Comparison of the two specimens of Oculudentavis (O. naga, left and O. khaungraae, right).

Comparison of the two specimens of Oculudentavis (O. naga, left and O. khaungraae, right).

“We concluded that both specimens were similar enough to belong to the same genus, Oculudentavis, but a number of differences suggest that they represent separate species”, explains Bolet. In any case, Oculudentavis stands out from other lizards in several features, like the tapering crested snout, the very long mandibles formed by a long dentary and very short post-dentary portion, or the configuration of the palate. These and other morphological features make it an odd-looking lizard, but some key features like the mode of tooth implantation, the shape of the squamosal bone or the way the lower jaw articulates with the skull, fully support this identification.

With all the information, researchers conclude that Oculudentavis was a bizarre lizard, not a bird, and that the bird-like appearance is due to convergence in skull proportions, meaning that “despite presenting a vaulted cranium and a long and tapering snout, it does not really present meaningful morphological characters that can be used to sustain a close relationship to birds”, says Susan Evans, co-author of the research and Professor of Vertebrate Morphology and Paleontology at University College London.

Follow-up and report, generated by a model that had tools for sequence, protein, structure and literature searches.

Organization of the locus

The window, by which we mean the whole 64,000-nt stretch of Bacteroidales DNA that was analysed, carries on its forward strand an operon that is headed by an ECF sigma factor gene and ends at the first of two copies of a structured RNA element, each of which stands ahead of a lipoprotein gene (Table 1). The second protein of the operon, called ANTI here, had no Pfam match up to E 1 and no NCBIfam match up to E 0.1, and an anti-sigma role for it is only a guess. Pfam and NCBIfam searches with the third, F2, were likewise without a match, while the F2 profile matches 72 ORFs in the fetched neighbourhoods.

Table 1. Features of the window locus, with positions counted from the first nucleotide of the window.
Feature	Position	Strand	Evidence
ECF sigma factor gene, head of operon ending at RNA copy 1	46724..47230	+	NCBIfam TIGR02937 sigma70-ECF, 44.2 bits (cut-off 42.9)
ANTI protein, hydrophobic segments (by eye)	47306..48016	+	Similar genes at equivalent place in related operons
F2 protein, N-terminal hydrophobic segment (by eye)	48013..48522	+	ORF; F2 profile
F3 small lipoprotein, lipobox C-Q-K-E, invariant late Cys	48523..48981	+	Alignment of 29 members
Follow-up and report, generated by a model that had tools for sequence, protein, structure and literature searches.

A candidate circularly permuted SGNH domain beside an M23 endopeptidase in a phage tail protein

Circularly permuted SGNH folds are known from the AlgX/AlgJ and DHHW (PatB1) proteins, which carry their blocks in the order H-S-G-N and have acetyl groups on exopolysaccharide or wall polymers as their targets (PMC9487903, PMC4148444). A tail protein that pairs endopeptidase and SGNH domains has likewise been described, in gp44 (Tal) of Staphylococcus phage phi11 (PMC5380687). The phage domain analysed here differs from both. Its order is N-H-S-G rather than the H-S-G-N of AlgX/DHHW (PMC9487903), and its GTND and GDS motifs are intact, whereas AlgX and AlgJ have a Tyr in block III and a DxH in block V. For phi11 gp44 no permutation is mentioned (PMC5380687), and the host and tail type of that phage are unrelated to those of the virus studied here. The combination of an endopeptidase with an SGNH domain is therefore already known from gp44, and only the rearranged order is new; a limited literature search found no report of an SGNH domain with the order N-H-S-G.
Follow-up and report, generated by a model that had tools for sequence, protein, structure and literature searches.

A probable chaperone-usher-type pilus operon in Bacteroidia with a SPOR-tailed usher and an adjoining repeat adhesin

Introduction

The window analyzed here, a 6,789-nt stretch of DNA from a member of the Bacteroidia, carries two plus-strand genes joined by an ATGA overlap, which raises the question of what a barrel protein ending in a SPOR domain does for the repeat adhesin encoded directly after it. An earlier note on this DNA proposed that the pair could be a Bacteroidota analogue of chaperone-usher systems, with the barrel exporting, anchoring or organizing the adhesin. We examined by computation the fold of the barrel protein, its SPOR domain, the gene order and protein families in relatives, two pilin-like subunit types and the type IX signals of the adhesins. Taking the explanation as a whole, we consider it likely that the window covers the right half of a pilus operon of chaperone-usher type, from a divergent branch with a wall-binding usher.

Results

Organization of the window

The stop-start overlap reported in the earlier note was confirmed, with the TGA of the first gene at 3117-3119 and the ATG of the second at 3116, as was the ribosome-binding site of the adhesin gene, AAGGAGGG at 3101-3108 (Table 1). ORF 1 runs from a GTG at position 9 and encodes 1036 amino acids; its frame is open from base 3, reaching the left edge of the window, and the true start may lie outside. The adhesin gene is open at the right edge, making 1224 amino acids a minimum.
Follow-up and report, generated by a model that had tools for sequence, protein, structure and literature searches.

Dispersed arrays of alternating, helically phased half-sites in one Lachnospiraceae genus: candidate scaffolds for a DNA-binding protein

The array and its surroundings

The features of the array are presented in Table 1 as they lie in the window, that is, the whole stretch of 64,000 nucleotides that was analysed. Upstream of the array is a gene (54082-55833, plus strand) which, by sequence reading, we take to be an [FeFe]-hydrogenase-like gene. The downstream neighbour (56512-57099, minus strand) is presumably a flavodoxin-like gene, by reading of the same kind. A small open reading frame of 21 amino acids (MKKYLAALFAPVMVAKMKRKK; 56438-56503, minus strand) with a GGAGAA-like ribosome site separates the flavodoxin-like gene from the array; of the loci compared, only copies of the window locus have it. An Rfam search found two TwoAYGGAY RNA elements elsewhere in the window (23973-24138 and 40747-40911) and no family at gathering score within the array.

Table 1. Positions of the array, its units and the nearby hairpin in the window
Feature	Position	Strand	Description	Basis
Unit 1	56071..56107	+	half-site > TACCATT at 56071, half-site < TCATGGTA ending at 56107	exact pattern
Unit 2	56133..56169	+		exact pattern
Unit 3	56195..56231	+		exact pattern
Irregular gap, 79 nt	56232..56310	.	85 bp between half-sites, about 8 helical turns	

The Oculudentavis naga specimen displays a superb preservation of bone and soft tissue

The Oculudentavis naga specimen displays a superb preservation of bone and soft tissue

While Myanmar’s amber deposits are a treasure trove of fossils found nowhere else in the world, the consensus among paleontologists is that acquiring Burmese amber ethically has become increasingly difficult, especially after the military seized control in February. The newly described specimen complies with the ethical guidelines for the use of Myanmar amber set forth by the Society of Vertebrate Paleontology. It is housed at the Peretti Museum Foundation (Switzerland), whereas the holotype of O. khaungraae is at the Hupoge Amber Museum (China). Peretti’s specimen was purchased from authorized companies that export amber pieces legally from Myanmar, following an ethical code that ensures that no violations of human rights were committed during mining and commercialization and that money derived from sales did not support any armed conflict. The fossil has an authenticated paper trail, including export permits from Myanmar.

Other co-authors of this study are Adolf Peretti (Peretti Museum Foundation, Switzerland), J. Salvador Arias (CONICET - Fundación Miguel Lillo, Argentina), Andrej Čerňanský (Comenius University in Bratislava, Slovakia), Marta Vidal-García (University of Calgary, Canada), Aaron M. Bauer (Villanova University, United States) and Joseph J. Bevitt (Australian Nuclear Science and Technology Organisation, Australia).

Funding for the research was provided by the U.S. National Science Foundation, Sam Houston State University, the Royal Society, the Spanish Ministry of Science, Innovation and Universities, the CERCA Programme/Generalitat de Catalunya, the Ministry of Education of the Slovak Republic and the Slovak Academy of Sciences and the Peretti Museum Foundation.

Main image: Reconstruction of life-appearance of O. naga prior to being trapped in tree-resin (artwork by Stephanie Abramowicz / Peretti Museum Foundation)

Original article:

  • Bolet, A., Stanley, E. L., Daza, J., Arias, S. J., Čerňanský, A., Vidal-García, M., Bauer, M. B., Bevitt, J. J., Peretti, A., Evans, S. E. Unusual morphology in the mid-Cretaceous lizard Oculudentavis. (2021). Current Biology. DOI: https://doi.org/10.1016/j.cub.2021.05.040
Last modified on Monday, 14 June 2021 17:02